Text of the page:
Granite to the south, sand to the north; here sheer rock faces, there dunes. An inclined plane of meadowland with rolling hills and ridges of rock; as a fringe to this green carpet, wrinkled into folds, the foam of the ocean; along the coast, low-built fortifications; at intervals, towers pierced by loopholes; lining the low beaches, a massive breastwork intersected by battlements and staircases, invaded by sand and attacked by the waves, the only besiegers to be feared; windmills dismasted by storms, some of them-at the Vale, Ville-au-Roi, St. Peter Port, Torteval-still turning; in the cliffs, anchorages; in the dunes, sheep and cattle; the shepherds’ and cattle herds’ dogs questing and working; the little carts of the tradesmen of the town galloping along the hollow ways; often black houses, tarred on the west side for protection from the rain; cocks and hens, dung heaps; everywhere cyclopean walls; the walls of the old harbor, now unfortunately destroyed, were a fine sight, with their shapeless blocks of stone, their massive posts, and their heavy chains; farmhouses set amid trees; fields enclosed by waist-high drystone walls, forming a bizarre checkerboard pattern on the low-lying land; here and there a rampart built around a thistle, granite cottages, huts looking like casemates, little houses capable of withstanding a cannonball; occasionally, in the wildest parts of the country, a small new building topped by a bell-a school; two or three streams flowing through the meadows; elms and oaks; a lily found only here, the Guernsey lily; in the main plowing season, plows drawn by eight horses; in front of the houses, large haystacks on circular stone bases; expanses of prickly furze; here and there gardens in the old French style with clipped yew trees, carefully shaped box hedges and stone vases, mingled with orchards and kitchen gardens; carefully cultivated flowers in countryfolk’s gardens; rhododendrons among potatoes; everywhere seaweed laid out on the grass, primrose-colored; in the church yards no crosses, but slabs of stone standing erect, seeming in the moonlight like white ladies; ten Gothic bell towers on the horizon; old churches, new dogmas; Protestant worship housed in Catholic architecture; scattered about in the sand and on the promontories, the somber Celtic enigma in its various forms-menhirs, peulvens, long stones, fairy stones, rocking stones, sounding stones, galleries, cromlechs, dolmens, fairies’ houses; remains of the past of all kinds; after the druids the priests; after the priests the rectors; memories of falls from heaven; on one point Lucifer, at the castle of the Archangel Michael; on another, Icart Point, Icarus; almost as many flowers in winter as in summer. This is Guernsey.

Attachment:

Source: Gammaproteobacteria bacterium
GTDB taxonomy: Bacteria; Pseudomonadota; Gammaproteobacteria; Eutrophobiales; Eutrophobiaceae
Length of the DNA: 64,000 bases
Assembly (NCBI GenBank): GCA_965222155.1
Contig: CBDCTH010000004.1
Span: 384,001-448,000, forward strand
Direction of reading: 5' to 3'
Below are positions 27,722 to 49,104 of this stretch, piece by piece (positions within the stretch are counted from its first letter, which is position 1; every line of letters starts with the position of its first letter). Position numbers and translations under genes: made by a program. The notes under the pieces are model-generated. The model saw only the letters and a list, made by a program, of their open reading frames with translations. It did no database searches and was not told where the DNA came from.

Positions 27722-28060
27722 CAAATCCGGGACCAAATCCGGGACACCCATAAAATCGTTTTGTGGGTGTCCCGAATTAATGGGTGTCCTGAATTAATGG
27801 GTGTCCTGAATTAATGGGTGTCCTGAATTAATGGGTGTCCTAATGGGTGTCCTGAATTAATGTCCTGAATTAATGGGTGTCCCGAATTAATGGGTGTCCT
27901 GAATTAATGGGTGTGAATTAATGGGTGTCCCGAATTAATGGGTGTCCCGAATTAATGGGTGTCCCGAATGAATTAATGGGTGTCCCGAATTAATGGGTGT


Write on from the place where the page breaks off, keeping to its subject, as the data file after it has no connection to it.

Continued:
Victor Hugo, The Archipelago of the Channel
After six weeks on the market, Idefix has been sold. Her new owners Ken and Jess are pretty excited to have the only Olson 30 in Australia, and it looks like she’ll get a workout in all the Newcastle races. On Friday night Ken and I went for a sail across Sydney harbour and I had the pleasure of steering her in a steady breeze for what may be the last time, before hopping off at the Manly wharf and watching her sail into the night. Ken was so keen to get her racing that he sailed her throughout the night so he could make the start of a race in Newcastle the next day! It was a bittersweet moment for me, as the boat and I have shared 16000 miles of adventures over the last four years.
I’ve been getting a lot of questions about what I am going to do next. First of all, Ken has managed to get me a spot on the TP52 he races on for the Lord Howe Island race. At the end of March I will fly down to Melbourne to deliver Frantic up to Newcastle, then we will race to LHI, stay on the island a few days, and sail the boat back to Melbourne. I’m really stoked about 2000 miles on the Tasman Sea on an Aussie racing yacht.
And to stay busy in the meantime, I’m still racing on weeknights and weekends, on Secret Men’s Business in Pittwater and a variety of boats in Sydney Harbour. The crew of Secret Men’s Business is one of the coolest I’ve ever seen. Racing yachts are often a chaos of people stumbling around, crawling all over each other, and lots of shouting and swearing, but SMB is like a well-oiled machine that silently goes about its business. I’ve been on the boat for 5 or 6 races now, and yesterday was the first time I heard an expletive come out of somebody’s mouth, as the spinnaker twisted itself furiously around the forestay. The relaxed attitude with which everybody goes about their business belies many, many years of sailing together.